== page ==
Florida Dem chair says incoming GOP Congressman should be “disqualified”

Ross Spano
Ross Spano

Republican Congressman-elect Ross Spano is getting hammered from both sides of the aisle following his admission over the weekend that he may have used illegal campaign contributions to help win his Congressional seat.

Spano, an attorney who won the Central Florida U.S. House seat last month, revealed in a Federal Elections Commission (FEC) filing that he borrowed $180,000 between June and October from two individuals.

He then gave himself a loan of $167,000 at around the same time period, according to a letter sent to the FEC.

During the campaign, Spano had said that the sudden burst of campaign cash came from his own personal funds. In a statement released on Saturday, he said he believed he was acting in compliance with the law.

But critics are questioning what happened.

“Ross Spano knew exactly what he was doing when he took personal loans and used them as campaign funds, which is against the law,” Florida Democratic Party chair Terrie Rizzo in a statement. “This should disqualify Spano from serving in Congress. This matter needs to be fully investigated, and appropriate actions taken.”

A former state representative from eastern Hillsborough County, Spano’s original ambition this year was to become Florida’s next Attorney General.

But when that effort failed to gain traction, he dropped out of that race and decided to run for the open seat in Florida’s 15th Congressional District centered in Polk County, where he defeated former state Rep. Neil Combee in the Republican primary.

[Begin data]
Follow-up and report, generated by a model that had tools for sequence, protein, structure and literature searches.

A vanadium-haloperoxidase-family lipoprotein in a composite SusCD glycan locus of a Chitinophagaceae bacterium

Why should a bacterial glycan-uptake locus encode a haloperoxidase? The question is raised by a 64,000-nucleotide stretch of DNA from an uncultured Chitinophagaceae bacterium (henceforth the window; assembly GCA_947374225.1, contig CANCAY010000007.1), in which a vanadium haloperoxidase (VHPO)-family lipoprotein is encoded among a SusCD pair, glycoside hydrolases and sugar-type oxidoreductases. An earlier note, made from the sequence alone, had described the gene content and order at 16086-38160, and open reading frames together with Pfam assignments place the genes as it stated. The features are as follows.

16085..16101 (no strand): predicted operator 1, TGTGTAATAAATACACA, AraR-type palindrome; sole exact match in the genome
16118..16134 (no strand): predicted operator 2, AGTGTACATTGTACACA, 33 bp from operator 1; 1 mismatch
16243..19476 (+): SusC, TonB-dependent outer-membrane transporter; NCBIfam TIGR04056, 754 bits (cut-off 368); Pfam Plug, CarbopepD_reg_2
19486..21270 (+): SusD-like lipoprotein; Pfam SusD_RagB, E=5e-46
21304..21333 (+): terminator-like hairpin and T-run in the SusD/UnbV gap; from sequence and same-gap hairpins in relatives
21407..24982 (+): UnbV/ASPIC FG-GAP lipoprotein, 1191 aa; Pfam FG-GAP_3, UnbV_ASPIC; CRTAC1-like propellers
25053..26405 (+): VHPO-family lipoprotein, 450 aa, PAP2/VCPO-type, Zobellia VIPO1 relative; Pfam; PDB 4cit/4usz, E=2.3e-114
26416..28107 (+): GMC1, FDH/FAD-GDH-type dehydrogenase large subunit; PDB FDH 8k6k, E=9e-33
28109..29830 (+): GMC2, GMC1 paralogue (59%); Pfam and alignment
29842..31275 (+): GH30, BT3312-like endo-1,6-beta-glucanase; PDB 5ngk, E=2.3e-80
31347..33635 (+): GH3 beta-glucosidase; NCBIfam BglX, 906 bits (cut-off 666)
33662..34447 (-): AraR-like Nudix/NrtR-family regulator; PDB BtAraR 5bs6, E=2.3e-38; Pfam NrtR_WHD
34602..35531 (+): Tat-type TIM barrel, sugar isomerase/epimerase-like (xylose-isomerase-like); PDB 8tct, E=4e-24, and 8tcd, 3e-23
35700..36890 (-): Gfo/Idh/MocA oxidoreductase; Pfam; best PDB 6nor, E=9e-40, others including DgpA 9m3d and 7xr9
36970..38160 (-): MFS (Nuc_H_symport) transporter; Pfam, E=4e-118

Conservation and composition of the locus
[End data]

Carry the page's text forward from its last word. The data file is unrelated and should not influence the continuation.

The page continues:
If found in violation of campaign finance law, Spano faces fines and possible jail time. However, the Federal Election Commission does have a policy to reduce the financial penalties for violating campaign contribution limits when a candidate self-reports the matter.

(This original story quoted a tweet that was inappropriate and was subsequently removed).



Mitch Perry
Mitch Perry has spent the past 18 years covering news and politics in the Sunshine State, most recently with FloridaPolitics.com. He worked for five years as the political editor of Creative Loafing in Tampa, and before that he was the assistant news director at WMNF radio, where he served as creator/anchor/producer of the hour-long WMNF Evening News. A San Francisco native, Mitch began his career at KPFA Radio in Berkeley in the 1990's.


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